It's probably a regional difference -- you did mention snow -- but it's unimaginable to me that the sunroom tower has no doors opening onto a deck or patio with outdoor seating. Maybe in the next design phase?


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RE: Landscape Design Ideas - New Renovation

I meant round river stone, check out other peoples foundations. NOT white gravel or gravel of any sort. Anywhere tha water runs off the roof, you should have loose stone, so when water drips off the roof it is absorbed, for lack of a better word into the stone. If you can't find examples of this, I will post a picture. Pieces of slate or bluestone will cause more splatter.

I agree with catkim'sopinion about the designer.


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RE: Landscape Design Ideas - New Renovation

River stone -- I got it. I was kidding about the white gravel. No landscape fabric underneath, right? It would end up filled with organic material.

Catkim, at one point there was a porch in the design, but it would be too public, too high above the street, and if there was was a roof on it it would make the interior dark. The tower is much narrower than it looks. If it had a doorway there would be almost no usable space inside the tower. Right now there is built-in seating under the windows and it is a nice place to gather. But this morning I was thinking about a ground-level patio in this space, so it might happen in the future.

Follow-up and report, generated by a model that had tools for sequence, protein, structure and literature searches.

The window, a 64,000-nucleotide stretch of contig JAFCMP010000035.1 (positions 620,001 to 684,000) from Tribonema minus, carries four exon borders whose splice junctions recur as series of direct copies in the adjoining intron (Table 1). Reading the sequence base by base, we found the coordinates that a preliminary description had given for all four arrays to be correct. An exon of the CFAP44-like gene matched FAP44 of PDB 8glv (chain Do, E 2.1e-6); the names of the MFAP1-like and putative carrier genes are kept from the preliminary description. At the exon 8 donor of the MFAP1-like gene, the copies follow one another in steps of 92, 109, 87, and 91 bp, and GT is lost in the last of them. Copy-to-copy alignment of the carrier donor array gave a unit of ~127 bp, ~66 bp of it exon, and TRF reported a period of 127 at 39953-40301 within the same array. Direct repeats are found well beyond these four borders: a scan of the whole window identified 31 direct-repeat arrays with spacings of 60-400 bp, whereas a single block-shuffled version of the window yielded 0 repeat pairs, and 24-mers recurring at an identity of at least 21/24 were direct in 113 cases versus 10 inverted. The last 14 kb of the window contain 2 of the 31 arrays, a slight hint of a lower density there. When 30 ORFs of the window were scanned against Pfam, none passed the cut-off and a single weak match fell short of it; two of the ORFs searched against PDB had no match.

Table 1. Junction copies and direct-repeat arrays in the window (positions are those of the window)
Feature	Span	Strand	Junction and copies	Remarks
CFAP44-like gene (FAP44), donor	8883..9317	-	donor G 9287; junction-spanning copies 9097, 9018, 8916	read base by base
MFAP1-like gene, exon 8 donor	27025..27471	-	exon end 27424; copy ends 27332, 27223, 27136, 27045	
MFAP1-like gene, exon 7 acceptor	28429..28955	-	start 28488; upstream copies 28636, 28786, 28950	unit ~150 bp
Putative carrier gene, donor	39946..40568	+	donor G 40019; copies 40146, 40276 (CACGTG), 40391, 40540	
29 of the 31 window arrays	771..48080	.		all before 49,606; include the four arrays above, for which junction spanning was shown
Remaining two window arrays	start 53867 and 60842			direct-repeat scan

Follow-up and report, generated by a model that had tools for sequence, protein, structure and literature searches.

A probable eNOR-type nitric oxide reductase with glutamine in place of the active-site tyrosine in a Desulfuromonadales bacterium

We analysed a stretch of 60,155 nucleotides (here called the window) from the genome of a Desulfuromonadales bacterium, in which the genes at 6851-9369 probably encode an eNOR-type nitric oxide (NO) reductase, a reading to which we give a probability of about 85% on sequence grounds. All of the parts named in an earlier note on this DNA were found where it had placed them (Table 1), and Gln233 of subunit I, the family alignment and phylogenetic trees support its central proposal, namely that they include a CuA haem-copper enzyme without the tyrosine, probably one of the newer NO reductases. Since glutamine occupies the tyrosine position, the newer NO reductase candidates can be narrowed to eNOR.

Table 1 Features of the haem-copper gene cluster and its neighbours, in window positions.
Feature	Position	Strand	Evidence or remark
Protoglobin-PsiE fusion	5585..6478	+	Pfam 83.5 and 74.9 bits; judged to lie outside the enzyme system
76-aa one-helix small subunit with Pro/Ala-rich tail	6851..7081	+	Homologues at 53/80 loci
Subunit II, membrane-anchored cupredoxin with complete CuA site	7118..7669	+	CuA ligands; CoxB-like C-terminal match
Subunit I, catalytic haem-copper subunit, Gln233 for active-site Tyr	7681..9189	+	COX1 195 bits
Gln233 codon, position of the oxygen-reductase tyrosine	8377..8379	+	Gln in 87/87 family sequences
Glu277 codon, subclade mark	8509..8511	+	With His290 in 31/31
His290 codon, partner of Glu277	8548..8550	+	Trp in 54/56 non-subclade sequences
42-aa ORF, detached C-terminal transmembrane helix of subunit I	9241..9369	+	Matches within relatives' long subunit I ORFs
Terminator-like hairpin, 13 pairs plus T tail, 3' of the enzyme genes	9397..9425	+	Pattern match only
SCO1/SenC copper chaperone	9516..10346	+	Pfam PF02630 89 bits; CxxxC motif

Billy


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RE: Landscape Design Ideas - New Renovation - River Rock

For roof drip areas would you use 1-3 inch stone or 3-5 inch stone? See link below.

Thanks,
Billy

Here is a link that might be useful: River Rock


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RE: Landscape Design Ideas - New Renovation